Falcon Quinn returns to another exclamation mark–laden year at a school where nobody understands him, the poor little angel—literally.
At the end of his last year at the Monster Academy, Falcon discovered his angelic nature as well as his true parentage: His father is the demonic Academy headmaster Crow; his mother, queen of the monster-killing guardians. None of this knowledge has made him any more popular. The other kids don't trust him anyway, and it doesn't help that he keeps finding himself in ridiculous scrapes. Did Falcon try to kill his friend Pearl, the famous Chupakabra of Peru? Did he stuff Quagmire, the puddle of bubbling glop, in his godzooka during band practice? When Falcon flees from monsters and finds himself among guardians, he discovers those monster-killers resemble his monster friends more closely than either side would like to admit. The silliness is consistently funny but not consistently age-appropriate; a pirate referring to the bottom of the sea as "Peter Tork's locker" is a groaner that will zoom right over the heads of middle-school readers. For the most part, however, egg-laying werechicken boys and Hamlet "as written in the original Frankenstein dialect" will keep giggles coming. The humor provides necessary counterpoint to the trowelled-on nobody-loves-me angst.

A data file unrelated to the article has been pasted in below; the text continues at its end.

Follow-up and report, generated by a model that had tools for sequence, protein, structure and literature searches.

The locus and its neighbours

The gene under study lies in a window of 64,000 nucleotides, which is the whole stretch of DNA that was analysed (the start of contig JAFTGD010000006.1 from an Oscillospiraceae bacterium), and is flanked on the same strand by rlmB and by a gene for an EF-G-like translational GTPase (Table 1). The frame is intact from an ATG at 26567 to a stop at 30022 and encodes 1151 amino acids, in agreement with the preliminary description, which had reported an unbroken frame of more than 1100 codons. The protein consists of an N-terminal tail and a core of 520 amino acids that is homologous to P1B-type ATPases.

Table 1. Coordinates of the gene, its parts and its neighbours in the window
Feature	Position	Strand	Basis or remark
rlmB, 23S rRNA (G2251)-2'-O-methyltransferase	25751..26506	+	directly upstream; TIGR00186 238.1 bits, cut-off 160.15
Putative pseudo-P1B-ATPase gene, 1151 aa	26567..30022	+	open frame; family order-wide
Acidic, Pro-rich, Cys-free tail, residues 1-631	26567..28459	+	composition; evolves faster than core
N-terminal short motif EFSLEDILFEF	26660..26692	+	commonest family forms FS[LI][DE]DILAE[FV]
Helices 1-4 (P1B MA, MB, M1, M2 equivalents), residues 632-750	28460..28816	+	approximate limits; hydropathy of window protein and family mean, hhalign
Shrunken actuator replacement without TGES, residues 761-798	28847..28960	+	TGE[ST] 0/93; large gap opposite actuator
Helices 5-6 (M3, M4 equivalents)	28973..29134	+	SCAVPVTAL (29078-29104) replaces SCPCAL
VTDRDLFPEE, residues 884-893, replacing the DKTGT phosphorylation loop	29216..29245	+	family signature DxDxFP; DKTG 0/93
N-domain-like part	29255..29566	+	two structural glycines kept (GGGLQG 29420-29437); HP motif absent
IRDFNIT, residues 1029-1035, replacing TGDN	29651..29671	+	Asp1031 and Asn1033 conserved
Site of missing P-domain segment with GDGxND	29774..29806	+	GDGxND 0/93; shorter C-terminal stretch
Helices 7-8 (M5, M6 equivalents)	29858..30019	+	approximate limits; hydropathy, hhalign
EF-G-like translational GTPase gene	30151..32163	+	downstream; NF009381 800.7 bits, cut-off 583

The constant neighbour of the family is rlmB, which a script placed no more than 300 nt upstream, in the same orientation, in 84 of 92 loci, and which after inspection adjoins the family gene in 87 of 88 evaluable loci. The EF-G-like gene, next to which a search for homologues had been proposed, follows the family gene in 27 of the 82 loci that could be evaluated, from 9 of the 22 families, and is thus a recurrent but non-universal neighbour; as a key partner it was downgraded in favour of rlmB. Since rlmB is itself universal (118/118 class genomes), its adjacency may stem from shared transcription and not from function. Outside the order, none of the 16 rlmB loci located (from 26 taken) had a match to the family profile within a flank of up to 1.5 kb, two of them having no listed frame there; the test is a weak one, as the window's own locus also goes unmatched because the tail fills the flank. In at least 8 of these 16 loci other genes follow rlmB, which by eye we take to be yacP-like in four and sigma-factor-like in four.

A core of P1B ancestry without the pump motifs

Goofy, overenthusiastic nonsense with just enough rambling plot to hold it all together. (Fantasy. 9-11)